With a distinguished body of work as a graphic novelist and illustrator, Johnson is certainly not an impersonating artist. Pairing his impressive experience and enthusiasm for the art of comics, he leads artistic exploration and discussions. “Many of them are just super brilliant. My favorite conversation is why this creative choice? To have that with 17 kids for a month is a dream,” said Johnson.
And being among nineteen and twenty-year-olds is a door to not only pop culture but also what issues are pertinent to specific generations. “To stay in touch with people from a different culture—I’m so grateful. I love seeing the world through their eyes,” he explained. “I see the way they speak to each other and the words they use. Their cultural values are so different from the ones I had when I was their age. It just gives me so much empathy—especially during this time.”
Johnson marries the principle he learned in art school with the values he learns from his students, constructing narratives around a central concept that matters to multiple generations. He then creates relatable characters and circumstances. Anyone from Maui can envision themselves in a family with characters from “No One Else.”
Like his novels, Johnson draws engaging and thought-provoking cartoons for publications like The New York Times and The Atlantic. He has also illustrated eight covers for The New Yorker. In 2018, he earned a gold medal from the Society of Illustrators for The New Yorker cover “Safe Travels.” His illustrations capture the cultural mood and sometimes provoke a level of discomfort. In all of his work, he is able to compress a complicated story into a single image, with little to no words.
“Everyone has a different approach to the cover but my beat as a New Yorker cover artist is telling a figurative, semi-intricate narrative. Usually, people look at each other and the viewer has to piece together what they’re seeing,” Johnson explained. “I guess I’m trying to focus on something that speaks to the current moment—speaks to the zeitgeist.”
This July, he illustrated a four-page comic published in The New Yorker, titled “Uncharted.” It can also be read online by searching “Uncharted Maui Kikuo.” Created after the lift on travel restrictions on Maui, Johnson shares his experience witnessing the influx of crowds on the island he calls home. In his signature aesthetic, Johnson approaches a serious subject matter with relatable humor.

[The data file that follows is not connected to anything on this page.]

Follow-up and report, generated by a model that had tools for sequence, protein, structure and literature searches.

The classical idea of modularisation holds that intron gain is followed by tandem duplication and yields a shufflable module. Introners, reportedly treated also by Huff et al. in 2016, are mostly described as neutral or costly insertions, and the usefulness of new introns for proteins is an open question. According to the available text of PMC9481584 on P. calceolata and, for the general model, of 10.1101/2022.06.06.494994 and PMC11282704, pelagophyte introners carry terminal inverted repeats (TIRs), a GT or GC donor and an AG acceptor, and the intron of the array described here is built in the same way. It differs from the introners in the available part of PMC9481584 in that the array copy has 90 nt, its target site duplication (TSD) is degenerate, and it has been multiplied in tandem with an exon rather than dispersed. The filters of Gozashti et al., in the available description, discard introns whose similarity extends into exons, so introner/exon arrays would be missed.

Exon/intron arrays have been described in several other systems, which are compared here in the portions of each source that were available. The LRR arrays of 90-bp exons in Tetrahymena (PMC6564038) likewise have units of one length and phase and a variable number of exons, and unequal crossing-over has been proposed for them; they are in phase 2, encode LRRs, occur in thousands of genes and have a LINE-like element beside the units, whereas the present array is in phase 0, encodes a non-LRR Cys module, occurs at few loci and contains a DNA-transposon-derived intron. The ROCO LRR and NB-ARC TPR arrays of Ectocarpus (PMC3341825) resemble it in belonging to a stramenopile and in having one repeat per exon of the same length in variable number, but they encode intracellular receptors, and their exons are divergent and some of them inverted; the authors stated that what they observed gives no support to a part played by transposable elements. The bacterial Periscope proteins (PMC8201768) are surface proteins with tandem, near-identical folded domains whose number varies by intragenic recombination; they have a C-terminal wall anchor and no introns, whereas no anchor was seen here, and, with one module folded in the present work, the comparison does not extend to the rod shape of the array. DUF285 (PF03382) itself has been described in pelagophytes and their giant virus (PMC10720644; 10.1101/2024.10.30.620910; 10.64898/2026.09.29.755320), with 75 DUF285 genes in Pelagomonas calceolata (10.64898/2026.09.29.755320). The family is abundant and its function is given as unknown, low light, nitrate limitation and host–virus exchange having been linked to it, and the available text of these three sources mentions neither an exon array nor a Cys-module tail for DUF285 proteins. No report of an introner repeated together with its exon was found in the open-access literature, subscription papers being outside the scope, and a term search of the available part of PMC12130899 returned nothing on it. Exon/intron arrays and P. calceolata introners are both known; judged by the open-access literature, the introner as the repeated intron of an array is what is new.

Unsurprisingly, the scenery is undoubtedly Maui. The Kahakuloa Head stands tall in the title panel. “A lot of artists have one theme and return to it over and over again,” Johnson said. “I have a Google map of Maui embedded in my head. I could draw Maui for the rest of my life and I’d be happy.”
Spending his summer breaks from art school on Maui, Johnson worked at Ben Franklin and Ruth’s Chris Steakhouse. “When I wasn’t at those jobs, which were really valuable, I was drawing,” Johnson said. “I just love drawing—it’s play to me. I spent a whole summer with a box easel painting the old pineapple fields and abandoned pineapple trucks in Haliʻimaile.”
While the illustrator grew up on an island that inspires countless artists, he opened a unique door into the fantastical comic realm. “I grew up going to the comic book store that used to be in Wailuku. I look back and realized that it was not a foregone conclusion that there would be a comic book store on Maui,” Johnson said. “His name was Perry Margolin who used to run that shop. It was my museum, my cultural center. He provided me with this window into a creative world that I’ve been chasing since then.”
Johnson’s illustrations blend the decades spent with his head in comic books and the influence of eminent artists on the island. While he depicts Maui with warmth and sincerity in “No One Else” and “Night Fisher,” he also touches on less picturesque subjects. He encapsulates the beautiful and complicated culture on the island. But with Johnson’s humor and humanistic style, reading his stories, you can’t help but smile.
The illustrator admitted that Flotte changed his life. Seeing a successful artist made him believe it was achievable.
“I was always on Baldwin Avenue painting something up there. When school would let out, pockets of kids would come up and stop,” Flotte recollected. “I remember a specific kid that would always ask a million questions.”
Years later, Flotte recalls a teenager approaching him at a high school art show. The student told Fotte that it was inspiring to see a professional painter on the streets. Flotte realized Johnson was the curious kid from Makawao Elementary. “Somebody telling me that I made a difference in their life—greatest reward of all. I ran home and told my wife.”
“Now I get to see his work on The New Yorker covers and his graphic novels and I love it,” Flotte said. “He manages to get those covers and I get such a kick out of seeing him.”
Johnson’s books will be available at Maui Comics and Collectibles located in Request Music in Wailuku.